Guiding Services and Baggage Transfer
If you'd like a knowledgeable companion and don't want to carry your load then the companies below offer baggage transfer and guiding. They'll do sections with you or the whole route.
Temperatures can range from an average maximum of 17°C in the Summer to 5°C in the Winter. However, Scotland is renowned for its changeable weather, often experiencing four seasons in one day, so it is best to prepare for every eventuality. The prevailing wind blows from west to east, so if you’d like it behind you for extra help, start in Helensburgh. We've included links to the Mountain Weather Information Service and the Met Office which provide some of the most reliable forecasts for walkers, as well as Visit Scotland’s guide to the Scotland’s weather and climate.
Public Transport on the John Muir Way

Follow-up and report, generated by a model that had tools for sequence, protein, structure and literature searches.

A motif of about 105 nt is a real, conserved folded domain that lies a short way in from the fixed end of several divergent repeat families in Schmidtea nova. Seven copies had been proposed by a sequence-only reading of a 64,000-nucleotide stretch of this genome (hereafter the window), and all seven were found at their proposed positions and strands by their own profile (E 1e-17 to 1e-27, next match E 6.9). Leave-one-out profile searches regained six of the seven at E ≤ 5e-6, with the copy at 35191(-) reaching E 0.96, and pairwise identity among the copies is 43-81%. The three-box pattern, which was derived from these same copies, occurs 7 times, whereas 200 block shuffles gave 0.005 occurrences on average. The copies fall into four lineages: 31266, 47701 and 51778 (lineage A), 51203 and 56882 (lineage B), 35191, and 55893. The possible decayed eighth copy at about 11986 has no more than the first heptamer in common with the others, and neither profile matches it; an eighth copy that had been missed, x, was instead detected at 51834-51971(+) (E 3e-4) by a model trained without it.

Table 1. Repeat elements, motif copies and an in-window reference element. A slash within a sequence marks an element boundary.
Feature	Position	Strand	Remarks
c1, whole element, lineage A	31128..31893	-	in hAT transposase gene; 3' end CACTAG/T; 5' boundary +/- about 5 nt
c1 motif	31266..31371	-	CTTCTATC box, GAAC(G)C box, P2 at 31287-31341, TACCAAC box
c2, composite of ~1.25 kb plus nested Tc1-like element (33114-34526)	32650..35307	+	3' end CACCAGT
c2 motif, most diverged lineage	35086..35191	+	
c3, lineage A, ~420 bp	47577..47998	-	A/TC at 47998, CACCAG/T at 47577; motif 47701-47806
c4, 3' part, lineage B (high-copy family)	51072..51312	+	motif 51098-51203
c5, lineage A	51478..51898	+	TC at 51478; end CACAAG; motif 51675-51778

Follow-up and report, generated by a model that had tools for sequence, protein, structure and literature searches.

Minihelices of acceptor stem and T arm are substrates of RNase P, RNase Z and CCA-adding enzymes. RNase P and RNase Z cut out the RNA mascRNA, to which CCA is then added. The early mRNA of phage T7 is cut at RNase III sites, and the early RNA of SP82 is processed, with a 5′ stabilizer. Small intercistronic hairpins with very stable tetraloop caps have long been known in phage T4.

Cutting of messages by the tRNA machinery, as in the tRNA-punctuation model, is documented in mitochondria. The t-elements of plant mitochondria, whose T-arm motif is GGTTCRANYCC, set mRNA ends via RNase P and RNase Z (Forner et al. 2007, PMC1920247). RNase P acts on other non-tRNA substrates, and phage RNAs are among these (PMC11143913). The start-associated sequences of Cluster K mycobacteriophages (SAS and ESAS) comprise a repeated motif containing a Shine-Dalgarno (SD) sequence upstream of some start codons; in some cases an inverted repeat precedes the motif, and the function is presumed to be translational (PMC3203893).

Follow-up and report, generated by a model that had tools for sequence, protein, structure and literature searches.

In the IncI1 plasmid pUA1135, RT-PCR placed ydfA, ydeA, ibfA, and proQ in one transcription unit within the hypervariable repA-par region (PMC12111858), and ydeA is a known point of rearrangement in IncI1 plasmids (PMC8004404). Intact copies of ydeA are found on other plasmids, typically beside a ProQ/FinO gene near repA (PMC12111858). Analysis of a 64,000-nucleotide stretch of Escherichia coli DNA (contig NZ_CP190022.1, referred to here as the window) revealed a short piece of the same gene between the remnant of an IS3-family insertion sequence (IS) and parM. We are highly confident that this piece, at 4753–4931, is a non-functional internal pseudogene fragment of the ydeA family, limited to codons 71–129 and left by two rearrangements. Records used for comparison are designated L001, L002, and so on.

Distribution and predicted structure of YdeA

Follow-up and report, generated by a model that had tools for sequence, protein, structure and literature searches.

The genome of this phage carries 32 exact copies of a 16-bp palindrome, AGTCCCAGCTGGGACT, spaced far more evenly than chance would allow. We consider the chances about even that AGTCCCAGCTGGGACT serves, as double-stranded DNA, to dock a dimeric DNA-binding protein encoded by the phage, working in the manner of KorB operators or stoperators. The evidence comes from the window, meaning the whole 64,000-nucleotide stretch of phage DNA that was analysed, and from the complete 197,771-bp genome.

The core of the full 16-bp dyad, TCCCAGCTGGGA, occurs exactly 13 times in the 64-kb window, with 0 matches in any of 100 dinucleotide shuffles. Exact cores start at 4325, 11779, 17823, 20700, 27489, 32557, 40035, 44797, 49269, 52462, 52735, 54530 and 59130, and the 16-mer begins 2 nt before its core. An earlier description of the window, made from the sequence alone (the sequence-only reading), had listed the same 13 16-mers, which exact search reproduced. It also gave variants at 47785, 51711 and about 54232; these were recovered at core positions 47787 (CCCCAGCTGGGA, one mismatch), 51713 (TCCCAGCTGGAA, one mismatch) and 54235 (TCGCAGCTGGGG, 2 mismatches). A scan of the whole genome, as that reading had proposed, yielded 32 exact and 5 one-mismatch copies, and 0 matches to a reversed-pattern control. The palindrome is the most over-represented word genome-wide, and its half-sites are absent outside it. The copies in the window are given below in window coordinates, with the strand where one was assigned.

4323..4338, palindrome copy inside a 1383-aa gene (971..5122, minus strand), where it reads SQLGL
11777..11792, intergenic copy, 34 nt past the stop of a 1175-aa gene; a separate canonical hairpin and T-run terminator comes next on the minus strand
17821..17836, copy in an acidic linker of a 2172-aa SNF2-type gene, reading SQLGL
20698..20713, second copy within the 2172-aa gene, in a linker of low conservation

The key stations serving the John Muir Way are marked on each section of the map as points of interest. Between Falkirk and Dunbar, several conveniently located stations provide access either directly onto the route or within 1-3 miles of it. These can be used to reach sections of the route for day trips or to complete the route in sections. Further west, stations are fewer, but bus services help to fill the gaps. For example, Killearn can be reached by bus from Glasgow, Helensburgh and Balloch; Strathblane from Glasgow; Bonnybridge and Kilsyth from Falkirk and Glasgow; Bo’ness and Blackness from Falkirk, Linlithgow and Edinburgh. Traveline provides details of both train services and buses. Some trains can only carry limited number of bicycles so it is advisable to check availability of spaces and book bicycle tickets in advance. This is especially relevant when traveling from Dunbar.